March 3, 2014 (KHARTOUM) – The Iraqi Deputy Prime Minister for Energy Hussein al-Shahristani on Monday expressed his country’s willingness to supply Sudan with crude oil and assist in the construction of a new oil refinery.
- Deputy Prime Minister for energy Hussain al-Shahristani speaks during a ceremony for the opening of new units at the Basra refinery in Basra province, March 1, 2014. (REUTERS/Essam Al-Sudani)
Shahristani said in a statement released by his office as carried by Iraqi media that Baghdad is keen on supporting the Sudanese people and will stand by their side politically and economically.
The Iraqi official made the statement after his meeting with the head of Sudan’s National Intelligence and Security Services (NISS) Gen Mohamed Atta Al-Mawla Abbas who heads a government delegation that includes the minister of oil Makkawi Mohamed Awad, director of the oil marketing company and a number of experts.
Abbas visited Iraq as an envoy from Sudanese president Omer Hassan al-Bashir.
"The two sides discussed ways of strengthening relations between the two countries and the mechanism of exporting Iraqi oil to Sudan. The Sudanese delegation valued the position of the Iraqi government in supporting the stability of the brotherly country and boosting economic and political relations," the statement by Shahristani’s office read.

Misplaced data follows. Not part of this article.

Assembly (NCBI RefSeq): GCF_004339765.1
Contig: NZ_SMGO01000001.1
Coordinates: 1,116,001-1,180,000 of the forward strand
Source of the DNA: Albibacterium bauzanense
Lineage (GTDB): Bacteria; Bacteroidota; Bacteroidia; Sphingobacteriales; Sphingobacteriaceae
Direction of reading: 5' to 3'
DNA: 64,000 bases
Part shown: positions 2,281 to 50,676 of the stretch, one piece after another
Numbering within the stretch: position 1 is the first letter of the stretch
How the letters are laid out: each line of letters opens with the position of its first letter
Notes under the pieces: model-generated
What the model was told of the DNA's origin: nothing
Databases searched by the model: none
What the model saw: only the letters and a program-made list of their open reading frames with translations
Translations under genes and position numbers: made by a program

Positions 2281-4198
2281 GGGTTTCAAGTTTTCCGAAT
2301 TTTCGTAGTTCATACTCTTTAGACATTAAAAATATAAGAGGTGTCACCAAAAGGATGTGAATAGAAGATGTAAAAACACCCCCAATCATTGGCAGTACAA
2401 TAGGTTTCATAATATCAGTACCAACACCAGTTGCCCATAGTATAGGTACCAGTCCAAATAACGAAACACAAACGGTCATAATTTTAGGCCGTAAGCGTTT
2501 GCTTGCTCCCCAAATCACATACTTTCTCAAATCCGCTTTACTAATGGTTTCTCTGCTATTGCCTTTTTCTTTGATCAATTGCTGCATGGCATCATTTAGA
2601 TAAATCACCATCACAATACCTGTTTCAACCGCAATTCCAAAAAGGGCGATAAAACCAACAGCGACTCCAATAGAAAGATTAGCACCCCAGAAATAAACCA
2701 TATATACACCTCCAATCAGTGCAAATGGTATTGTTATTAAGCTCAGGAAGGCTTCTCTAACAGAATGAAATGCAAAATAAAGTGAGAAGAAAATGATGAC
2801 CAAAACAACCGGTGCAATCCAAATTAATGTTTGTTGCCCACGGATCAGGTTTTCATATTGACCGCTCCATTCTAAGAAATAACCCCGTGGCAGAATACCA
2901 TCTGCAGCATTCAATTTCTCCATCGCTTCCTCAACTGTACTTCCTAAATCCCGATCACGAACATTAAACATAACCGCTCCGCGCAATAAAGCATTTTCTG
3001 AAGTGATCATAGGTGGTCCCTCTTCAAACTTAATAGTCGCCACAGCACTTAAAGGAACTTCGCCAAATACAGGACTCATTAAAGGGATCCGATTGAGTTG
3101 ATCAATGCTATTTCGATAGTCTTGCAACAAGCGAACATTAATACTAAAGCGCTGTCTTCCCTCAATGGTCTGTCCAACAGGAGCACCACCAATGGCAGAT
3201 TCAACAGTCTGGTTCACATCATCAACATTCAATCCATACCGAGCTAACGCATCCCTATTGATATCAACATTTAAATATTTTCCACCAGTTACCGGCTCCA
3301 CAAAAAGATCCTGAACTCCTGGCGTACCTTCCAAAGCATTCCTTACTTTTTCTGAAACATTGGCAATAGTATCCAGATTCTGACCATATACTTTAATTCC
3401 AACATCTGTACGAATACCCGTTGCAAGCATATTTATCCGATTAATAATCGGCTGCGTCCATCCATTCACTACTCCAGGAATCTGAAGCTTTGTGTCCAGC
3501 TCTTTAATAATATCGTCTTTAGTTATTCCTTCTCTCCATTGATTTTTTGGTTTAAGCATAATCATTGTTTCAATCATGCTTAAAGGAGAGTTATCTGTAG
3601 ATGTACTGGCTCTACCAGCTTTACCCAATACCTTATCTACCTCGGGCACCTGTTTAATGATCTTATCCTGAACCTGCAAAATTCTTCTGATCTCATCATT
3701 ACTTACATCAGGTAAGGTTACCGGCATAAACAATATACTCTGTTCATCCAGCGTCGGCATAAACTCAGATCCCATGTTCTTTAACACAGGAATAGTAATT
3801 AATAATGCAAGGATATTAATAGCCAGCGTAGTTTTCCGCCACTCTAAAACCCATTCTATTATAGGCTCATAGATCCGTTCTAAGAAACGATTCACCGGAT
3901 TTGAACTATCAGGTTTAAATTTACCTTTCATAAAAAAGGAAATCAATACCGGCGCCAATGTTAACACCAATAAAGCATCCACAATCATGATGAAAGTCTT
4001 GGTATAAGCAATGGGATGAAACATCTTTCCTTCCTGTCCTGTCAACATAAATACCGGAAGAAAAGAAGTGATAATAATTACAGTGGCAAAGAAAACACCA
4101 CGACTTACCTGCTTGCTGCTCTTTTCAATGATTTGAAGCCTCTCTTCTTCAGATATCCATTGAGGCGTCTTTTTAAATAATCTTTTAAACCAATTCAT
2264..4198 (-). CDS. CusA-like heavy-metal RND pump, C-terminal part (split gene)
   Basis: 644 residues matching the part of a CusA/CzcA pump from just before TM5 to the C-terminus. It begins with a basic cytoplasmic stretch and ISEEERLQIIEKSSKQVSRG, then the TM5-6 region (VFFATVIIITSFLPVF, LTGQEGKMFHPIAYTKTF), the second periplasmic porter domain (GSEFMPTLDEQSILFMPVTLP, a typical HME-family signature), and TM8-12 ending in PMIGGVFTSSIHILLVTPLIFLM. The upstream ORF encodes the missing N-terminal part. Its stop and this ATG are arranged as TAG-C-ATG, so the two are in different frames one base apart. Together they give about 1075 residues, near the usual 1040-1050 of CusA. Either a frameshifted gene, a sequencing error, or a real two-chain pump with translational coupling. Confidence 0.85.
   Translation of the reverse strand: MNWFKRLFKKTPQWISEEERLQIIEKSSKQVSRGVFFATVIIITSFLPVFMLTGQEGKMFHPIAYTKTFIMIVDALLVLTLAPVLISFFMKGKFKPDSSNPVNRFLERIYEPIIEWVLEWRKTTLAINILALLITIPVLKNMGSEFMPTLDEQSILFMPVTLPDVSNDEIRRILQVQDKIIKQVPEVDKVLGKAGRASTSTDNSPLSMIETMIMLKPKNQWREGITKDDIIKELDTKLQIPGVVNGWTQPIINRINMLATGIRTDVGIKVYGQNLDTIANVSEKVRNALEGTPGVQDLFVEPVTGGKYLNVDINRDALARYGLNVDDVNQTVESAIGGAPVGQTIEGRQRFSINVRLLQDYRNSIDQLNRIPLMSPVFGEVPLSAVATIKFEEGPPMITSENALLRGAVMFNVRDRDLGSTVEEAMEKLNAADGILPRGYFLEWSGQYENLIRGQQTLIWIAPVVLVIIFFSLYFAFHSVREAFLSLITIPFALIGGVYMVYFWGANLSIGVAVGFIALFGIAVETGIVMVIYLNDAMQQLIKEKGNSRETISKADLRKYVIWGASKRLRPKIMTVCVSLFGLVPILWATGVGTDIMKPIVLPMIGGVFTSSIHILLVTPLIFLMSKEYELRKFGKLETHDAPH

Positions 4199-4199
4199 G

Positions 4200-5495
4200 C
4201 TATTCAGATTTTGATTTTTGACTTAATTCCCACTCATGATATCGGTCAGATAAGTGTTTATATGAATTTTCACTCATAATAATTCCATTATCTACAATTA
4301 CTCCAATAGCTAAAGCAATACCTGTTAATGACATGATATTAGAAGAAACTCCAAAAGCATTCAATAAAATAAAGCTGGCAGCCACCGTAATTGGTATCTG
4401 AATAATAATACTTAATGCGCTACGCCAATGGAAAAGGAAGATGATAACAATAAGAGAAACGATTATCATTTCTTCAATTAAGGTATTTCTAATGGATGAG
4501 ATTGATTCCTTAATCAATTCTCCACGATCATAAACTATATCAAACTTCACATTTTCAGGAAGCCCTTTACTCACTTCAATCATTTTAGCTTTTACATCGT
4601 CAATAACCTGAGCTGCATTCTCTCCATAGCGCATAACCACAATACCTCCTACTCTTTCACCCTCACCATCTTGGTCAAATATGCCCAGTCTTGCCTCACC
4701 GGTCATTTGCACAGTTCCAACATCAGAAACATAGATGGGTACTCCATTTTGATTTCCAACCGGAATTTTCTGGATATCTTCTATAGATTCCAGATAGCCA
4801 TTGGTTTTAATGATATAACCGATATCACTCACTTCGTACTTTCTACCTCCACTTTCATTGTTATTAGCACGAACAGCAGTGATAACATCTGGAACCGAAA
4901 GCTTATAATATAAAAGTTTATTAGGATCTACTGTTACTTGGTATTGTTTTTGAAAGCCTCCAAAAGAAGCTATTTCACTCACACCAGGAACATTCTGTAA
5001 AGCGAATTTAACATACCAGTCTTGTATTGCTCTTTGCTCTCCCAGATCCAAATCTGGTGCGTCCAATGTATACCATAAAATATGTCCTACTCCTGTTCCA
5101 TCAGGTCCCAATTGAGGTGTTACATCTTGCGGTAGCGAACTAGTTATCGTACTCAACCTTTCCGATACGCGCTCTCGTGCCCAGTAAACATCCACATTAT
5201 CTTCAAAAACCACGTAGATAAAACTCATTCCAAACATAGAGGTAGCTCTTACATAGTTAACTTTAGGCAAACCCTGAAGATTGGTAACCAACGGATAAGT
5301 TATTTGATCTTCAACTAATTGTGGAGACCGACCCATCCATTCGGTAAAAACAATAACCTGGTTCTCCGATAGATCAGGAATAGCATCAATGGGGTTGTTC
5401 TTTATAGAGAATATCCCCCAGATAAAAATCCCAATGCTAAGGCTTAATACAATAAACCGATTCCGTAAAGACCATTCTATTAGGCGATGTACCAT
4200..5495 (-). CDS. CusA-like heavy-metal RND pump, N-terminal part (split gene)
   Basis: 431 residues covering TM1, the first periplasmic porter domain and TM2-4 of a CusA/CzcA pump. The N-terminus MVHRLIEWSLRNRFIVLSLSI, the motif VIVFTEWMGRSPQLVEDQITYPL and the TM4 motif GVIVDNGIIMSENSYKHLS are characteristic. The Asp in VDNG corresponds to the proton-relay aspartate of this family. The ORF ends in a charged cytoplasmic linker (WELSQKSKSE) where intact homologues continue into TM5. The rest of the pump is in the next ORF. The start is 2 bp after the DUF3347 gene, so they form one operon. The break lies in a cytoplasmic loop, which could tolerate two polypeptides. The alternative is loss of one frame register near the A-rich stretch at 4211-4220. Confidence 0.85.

Last month, Iraq’s ambassador in Khartoum Salih Hussein Ali al-Tamimi said that Baghdad wants to cooperate with Sudan in oil sector and engage in investments by focusing on the refining sector through the construction of a new refinery in the country.
Last year Sudan said that Iraq agreed to sell it oil on credit and that technical details would be agreed on at a later time.
A severe fuel shortage hit the Sudanese capital late last year which the government attributed to delay in receiving gasoline shipments from abroad.
The East African nation been struggling to meet local demand for diesel and other oil products since losing most of its crude output with the secession of South Sudan in 2011.
The loss of access to oil reserves in the south also sharply curtailed its revenues and inflow of hard currency needed to pay for imports of basic commodities including fuel.